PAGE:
First step to reduced data prices good
The Competition Commission took the first and important step towards reducing data costs in the country yesterday.
Its recommendations that cellphone operators such as Vodacom and MTN slash their data prices by up to 50% early next year must come as welcome news for consumers and the country's economy.
LISTEN | What lower data cost will mean for SA
Despite SA having been the first to introduce mobile phone technology on the African continent, its pricing structure is uncompetitive when compared to countries such as Nigeria, Rwanda and Ghana.
This is largely because the industry locally has largely operated as a duopoly, with the two major operators basically setting prices for the market.
The investigation by the commission and its recommendations will go a long way in opening up the industry to more competition.
The high cost of communication is one of the biggest barriers to economic growth in the country. It increases the cost of doing business for investors while preventing the poor from having access to information at affordable prices.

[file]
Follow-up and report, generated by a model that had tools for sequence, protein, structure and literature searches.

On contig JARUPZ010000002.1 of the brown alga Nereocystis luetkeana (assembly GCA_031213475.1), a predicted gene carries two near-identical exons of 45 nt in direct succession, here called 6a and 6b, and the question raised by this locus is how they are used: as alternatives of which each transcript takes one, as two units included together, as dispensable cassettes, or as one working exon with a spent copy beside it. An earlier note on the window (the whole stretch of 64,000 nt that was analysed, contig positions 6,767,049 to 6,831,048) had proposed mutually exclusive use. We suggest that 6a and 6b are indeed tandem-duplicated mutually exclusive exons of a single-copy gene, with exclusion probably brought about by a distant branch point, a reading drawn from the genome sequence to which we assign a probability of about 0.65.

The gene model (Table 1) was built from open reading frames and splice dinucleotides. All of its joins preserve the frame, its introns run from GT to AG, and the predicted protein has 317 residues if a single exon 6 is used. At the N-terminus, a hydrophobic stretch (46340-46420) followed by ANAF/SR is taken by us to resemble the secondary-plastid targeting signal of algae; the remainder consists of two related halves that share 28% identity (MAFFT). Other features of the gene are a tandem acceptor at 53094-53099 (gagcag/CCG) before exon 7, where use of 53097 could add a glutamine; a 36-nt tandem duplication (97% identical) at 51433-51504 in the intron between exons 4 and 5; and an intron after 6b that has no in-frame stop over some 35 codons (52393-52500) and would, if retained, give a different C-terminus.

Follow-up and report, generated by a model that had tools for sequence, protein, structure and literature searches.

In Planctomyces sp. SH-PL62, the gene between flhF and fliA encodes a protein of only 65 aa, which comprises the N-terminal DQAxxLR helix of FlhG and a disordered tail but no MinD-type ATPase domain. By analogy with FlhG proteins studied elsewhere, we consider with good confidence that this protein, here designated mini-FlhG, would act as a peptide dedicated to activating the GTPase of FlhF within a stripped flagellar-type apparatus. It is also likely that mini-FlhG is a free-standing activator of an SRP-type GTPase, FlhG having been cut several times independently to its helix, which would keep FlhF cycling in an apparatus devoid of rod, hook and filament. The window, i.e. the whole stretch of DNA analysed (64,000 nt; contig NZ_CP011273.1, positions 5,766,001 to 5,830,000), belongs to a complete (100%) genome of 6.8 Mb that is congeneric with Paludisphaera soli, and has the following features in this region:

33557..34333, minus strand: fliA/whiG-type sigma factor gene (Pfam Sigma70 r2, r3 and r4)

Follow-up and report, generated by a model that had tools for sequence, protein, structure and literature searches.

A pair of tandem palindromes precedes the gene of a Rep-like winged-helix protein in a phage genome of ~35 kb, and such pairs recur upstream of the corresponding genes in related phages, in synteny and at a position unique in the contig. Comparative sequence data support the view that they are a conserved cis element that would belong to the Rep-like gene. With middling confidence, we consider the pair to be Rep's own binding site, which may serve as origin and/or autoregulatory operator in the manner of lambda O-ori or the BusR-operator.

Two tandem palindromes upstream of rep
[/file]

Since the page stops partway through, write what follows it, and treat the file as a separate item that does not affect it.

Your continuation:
We, therefore, welcome the move by the commission and hope that all the players in the industry will accept the recommendations and begin implementing them without delay.
The government must also play its role. Its reluctance to release more spectrum to operators contributes to data costs remaining high.
Cabinet ministers, ruling party leaders and other senior political figures cannot chant "data costs must fall" with the masses while they dither on policy issues that cause the prices to remain high.
The sooner they realise that the delays are strangling economic growth, the better.
Mobile telephony, television and many other spheres of communication would benefit greatly from more spectrum being made available. This, in turn, will see more content being generated locally for these platforms, thereby boosting the economy and creating new jobs along the way.
It is for these reasons that we believe that the Competition Commission's announcement is only the first of many steps that should be taken to stimulate economic growth in SA.
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